TV Cream

Cream over Britain

The greatest building in the world?

Fry and Laurie not pictured

There are as many opinions about the BBC as there are people who watch and listen to it, which is how it should be.

One of the organisation’s most potent strengths is its provocation. Everyone is forever piling in with a view over what the Beeb is doing right and what it is doing wrong, and there can be no finer proof of the corporation’s relevance.

Because everybody owns the Beeb, there’s always somebody feeling threatened or irked when their point of view is currently out of favour. And for every person who cares about what the BBC once was, there is another who cares about what it could still become.

The wisdom or otherwise of the BBC’s decision to sell Television Centre has set friend against foe or, in TV Cream’s case, friend against friend (yikes!).

However there’s one thing we can all agree upon: Television Centre was once the greatest building in the world. Whether it still deserves that title is almost beside the point. The place long ago became more than just loading bays and lighting rigs. It ceased being merely a building, great or otherwise, almost as soon as it opened for business.

"Mister Cotton, sir, Mister Cotton..." Its finest hour?

Instead [adopts Adam Curtis-esque arch tone] it became a symbol – a symbol of golden ages or grotesque wages, of wiped tapes or black-and-white japes, of live-to-air spectacle or louche pairs of spectacles.

Television Centre hasn’t meant anything new for ages. It has only ever symbolised things that were old – some good, some bad.

It ought to go on being a symbol, not least as both a lesson and a warning from history.

Something should be done to ensure the site remains within the UK’s central nervous system, even if it is just as a museum – a symbol of how things used to be, and therefore how they can be again.

Here endeth the lesson. Take a bow, Television Centre!

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5 Comments

5 Comments

  1. Glenn A

    June 13, 2011 at 11:46 pm

    I know it’s not totally on topic, but notice the two Cream era cars in the foreground, the Morris Minor and the Triumph Dolomite and in the middle of the car park an Austin Maxi in some weird colour. Nothing can be more Cream to me than such iconic Cream cars like these outside a seventies shot of what was the BBC at its peak. No doubt in a few years time this famous old building will be £ 500,000 apartments, sold to people who couldn’t care less what this building means to people of a certain age, with a car park full of expensive cars like Lexuses and BMWs that were unheard of in the seventies. A sad day indeed.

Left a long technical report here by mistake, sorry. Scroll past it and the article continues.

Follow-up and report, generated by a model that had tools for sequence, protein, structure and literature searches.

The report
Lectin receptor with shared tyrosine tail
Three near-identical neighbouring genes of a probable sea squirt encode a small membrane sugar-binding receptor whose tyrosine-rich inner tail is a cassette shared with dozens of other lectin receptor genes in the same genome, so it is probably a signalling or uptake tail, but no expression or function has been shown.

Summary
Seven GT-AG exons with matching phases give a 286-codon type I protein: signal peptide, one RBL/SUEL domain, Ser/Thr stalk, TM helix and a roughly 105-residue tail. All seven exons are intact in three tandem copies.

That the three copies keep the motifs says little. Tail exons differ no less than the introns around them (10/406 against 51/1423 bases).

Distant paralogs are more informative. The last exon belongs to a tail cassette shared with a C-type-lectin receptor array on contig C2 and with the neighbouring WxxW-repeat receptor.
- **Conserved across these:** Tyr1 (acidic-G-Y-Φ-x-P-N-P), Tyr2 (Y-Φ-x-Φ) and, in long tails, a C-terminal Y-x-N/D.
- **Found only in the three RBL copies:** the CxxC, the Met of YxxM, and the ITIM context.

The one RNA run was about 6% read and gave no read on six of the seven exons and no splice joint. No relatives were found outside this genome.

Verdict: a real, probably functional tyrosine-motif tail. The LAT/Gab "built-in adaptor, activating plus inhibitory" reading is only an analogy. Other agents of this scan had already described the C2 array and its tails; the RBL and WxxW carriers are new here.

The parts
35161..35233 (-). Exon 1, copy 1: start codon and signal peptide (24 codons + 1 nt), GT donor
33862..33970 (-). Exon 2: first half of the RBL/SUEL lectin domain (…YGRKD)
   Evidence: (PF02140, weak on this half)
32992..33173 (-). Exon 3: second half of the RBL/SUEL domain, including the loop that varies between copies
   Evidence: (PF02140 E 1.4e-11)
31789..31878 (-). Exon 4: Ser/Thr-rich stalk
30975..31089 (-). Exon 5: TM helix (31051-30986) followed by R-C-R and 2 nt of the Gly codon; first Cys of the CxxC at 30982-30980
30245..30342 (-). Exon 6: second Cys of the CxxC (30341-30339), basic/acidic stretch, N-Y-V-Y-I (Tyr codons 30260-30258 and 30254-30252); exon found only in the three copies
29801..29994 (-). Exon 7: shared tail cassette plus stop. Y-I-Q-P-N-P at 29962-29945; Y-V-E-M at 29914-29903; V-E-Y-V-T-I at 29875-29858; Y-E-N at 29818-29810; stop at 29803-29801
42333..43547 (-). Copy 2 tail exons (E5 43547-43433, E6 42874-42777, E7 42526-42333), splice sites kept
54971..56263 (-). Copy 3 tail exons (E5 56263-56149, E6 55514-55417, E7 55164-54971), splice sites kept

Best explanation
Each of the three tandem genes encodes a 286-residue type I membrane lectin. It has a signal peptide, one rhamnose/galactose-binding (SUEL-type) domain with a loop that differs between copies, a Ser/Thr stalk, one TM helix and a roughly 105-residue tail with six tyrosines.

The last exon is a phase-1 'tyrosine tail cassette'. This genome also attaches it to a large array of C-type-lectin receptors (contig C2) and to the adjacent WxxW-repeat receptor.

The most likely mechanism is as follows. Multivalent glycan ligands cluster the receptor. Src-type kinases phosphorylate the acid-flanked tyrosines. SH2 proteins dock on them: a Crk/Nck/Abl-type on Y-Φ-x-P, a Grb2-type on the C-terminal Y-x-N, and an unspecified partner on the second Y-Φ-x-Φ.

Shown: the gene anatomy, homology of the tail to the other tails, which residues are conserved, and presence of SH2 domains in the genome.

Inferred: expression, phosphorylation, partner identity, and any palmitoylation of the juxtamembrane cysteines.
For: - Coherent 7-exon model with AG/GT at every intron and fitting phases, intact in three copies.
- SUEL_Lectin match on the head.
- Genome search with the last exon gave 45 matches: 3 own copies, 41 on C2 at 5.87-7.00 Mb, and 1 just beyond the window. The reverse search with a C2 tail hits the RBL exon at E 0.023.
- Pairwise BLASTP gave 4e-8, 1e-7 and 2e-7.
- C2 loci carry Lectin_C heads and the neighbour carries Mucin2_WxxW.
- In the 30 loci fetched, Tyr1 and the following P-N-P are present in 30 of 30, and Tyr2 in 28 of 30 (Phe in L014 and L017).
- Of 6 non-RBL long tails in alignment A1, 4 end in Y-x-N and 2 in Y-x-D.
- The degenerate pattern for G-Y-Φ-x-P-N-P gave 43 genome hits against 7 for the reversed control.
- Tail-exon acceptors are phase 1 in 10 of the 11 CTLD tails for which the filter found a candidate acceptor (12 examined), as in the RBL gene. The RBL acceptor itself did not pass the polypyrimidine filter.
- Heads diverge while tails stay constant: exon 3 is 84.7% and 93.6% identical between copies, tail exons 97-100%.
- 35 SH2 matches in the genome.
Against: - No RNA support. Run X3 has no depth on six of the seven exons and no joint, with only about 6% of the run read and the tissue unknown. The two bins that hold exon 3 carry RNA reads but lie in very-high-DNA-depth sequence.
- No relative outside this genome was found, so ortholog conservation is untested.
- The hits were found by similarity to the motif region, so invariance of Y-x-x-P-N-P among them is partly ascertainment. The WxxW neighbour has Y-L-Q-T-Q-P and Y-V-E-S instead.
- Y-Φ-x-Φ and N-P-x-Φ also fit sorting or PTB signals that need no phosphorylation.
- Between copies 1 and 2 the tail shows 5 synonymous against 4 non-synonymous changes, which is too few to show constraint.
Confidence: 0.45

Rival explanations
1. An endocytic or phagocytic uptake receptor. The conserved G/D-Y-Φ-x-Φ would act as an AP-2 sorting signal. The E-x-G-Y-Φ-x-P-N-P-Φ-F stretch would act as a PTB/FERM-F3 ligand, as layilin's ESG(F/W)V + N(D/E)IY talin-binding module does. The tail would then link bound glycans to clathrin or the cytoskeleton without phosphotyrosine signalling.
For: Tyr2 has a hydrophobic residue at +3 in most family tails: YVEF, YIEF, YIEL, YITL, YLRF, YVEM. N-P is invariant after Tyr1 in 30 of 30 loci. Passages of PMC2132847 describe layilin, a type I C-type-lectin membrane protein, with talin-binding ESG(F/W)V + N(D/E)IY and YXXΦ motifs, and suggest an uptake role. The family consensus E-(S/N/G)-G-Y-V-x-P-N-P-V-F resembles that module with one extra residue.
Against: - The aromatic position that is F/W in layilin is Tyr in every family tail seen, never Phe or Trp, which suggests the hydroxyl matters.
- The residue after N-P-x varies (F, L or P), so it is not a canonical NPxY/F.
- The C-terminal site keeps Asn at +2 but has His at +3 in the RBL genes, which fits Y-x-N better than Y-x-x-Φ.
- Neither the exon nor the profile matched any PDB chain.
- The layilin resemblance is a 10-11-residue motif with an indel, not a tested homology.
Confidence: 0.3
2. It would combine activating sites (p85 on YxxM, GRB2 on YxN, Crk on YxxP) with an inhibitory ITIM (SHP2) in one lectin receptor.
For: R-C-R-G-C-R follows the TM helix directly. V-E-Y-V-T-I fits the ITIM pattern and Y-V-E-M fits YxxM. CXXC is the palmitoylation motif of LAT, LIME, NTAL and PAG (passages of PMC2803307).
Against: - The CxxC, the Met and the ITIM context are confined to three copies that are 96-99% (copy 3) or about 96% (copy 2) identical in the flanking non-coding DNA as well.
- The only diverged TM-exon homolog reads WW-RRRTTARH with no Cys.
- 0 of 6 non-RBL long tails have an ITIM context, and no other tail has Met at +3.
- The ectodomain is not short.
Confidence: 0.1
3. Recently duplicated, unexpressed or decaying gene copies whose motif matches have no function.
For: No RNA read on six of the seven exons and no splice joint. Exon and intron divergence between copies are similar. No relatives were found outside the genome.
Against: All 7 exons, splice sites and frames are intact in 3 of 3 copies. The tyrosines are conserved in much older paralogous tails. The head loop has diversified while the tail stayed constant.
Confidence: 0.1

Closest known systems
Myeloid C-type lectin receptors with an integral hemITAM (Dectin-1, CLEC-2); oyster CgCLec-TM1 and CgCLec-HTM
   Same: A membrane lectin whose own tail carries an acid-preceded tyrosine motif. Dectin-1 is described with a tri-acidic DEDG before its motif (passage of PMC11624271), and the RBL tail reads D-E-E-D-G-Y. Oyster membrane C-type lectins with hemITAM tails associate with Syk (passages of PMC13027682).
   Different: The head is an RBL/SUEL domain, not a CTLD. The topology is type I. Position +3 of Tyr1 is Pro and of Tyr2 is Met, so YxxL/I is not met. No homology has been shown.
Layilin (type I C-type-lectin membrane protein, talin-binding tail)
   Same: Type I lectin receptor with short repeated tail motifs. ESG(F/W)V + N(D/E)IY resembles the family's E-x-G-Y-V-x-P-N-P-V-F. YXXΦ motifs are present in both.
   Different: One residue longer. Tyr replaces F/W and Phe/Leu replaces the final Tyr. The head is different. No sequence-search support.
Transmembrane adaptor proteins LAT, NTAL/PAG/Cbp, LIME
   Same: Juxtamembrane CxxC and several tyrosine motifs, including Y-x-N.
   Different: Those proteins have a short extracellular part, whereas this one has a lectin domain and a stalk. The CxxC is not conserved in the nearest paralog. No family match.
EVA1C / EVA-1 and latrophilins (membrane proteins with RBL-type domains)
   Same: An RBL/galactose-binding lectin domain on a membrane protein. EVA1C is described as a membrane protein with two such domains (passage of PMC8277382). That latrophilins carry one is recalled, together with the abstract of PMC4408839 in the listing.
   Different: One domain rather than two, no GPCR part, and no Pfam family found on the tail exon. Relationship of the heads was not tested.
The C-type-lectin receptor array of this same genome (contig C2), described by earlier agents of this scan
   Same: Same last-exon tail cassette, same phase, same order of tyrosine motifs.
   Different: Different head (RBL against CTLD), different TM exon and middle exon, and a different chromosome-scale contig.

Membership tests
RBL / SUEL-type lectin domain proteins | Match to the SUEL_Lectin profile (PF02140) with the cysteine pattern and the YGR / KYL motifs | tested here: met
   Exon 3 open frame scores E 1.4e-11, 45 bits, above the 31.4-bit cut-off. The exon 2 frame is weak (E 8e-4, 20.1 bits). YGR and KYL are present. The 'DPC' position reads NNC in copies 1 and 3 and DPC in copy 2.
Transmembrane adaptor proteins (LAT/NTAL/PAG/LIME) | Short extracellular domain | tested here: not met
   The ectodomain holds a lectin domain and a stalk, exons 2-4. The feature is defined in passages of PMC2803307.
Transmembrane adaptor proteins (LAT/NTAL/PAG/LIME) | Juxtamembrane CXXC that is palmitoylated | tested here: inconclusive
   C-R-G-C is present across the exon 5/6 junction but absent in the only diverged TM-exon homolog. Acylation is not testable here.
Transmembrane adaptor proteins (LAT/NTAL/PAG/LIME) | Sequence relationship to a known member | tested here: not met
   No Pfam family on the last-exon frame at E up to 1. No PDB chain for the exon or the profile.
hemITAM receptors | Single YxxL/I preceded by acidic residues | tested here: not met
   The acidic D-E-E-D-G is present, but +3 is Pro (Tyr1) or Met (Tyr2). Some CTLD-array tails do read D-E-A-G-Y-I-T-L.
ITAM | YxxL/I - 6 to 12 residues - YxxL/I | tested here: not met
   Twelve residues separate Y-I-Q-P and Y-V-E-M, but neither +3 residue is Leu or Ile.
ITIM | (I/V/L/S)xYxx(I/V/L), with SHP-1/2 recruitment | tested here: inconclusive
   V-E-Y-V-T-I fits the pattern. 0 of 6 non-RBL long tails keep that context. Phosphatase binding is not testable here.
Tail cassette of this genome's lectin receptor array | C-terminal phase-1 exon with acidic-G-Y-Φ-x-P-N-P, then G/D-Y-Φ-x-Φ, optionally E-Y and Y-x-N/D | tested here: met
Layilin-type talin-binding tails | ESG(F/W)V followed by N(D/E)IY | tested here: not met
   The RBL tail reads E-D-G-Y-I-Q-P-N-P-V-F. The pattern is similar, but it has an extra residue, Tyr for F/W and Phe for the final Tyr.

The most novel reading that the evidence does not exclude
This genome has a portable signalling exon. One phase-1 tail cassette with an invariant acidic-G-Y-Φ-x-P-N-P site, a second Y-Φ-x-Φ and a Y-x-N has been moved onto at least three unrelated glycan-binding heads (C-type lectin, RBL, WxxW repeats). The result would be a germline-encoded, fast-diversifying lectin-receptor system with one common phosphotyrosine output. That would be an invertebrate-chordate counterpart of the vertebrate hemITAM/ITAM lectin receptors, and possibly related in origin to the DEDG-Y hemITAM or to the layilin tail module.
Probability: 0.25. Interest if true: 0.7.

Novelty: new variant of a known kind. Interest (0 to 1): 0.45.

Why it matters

2. David Pascoe

    June 26, 2011 at 5:37 pm

    I used to think that every programme the BBC made was recorded in TV Centre. Just imagine walking past it at anytime between the 60s and the late 80s and imagining what was being filmed in one studio or another.

    Nevertheless the few people I know who work for the Beeb are fucked off at being confronted with the option of moving to Salford or Aberdeen or Birmingham or Newcastle, while their bosses stay ensconsed in London. It seems so pointless of them to downgrade their London operations when so much is still happening here.

  3. Boggenstrovia

    July 16, 2012 at 8:44 pm

    Farewell TVC, you gave us Roy Castle, Basil Brush, Top of the Pops, Blue Peter etc. You’ll never be forgotten…

  4. Glenn A

    July 16, 2012 at 10:13 pm

    Damn shame, I walked past this building in 1987 and you got the feeling you were walking past some kind of monolith devoted to television. Not even Westminster Abbey comes close as such a London icon for me.

  5. Glenn Aylett

    December 31, 2016 at 1:35 pm

    Had the BBC not decided to move news to Broadcasting House and didn’t build Salford Quays for sport and childrens, then Television Centre would still be very much in business, and part of it will return next year for Strictly and Children In Need.
    From many accounts, New Broadcasting House is too small for staff used to the spacious and uncrowded world of TVC. Staff jostle for space in the open plan offices, there’s always massive queues for food( no catering block), no parking( bit of a bind for staff who commute) and then the joys of Regent St in rush hour.

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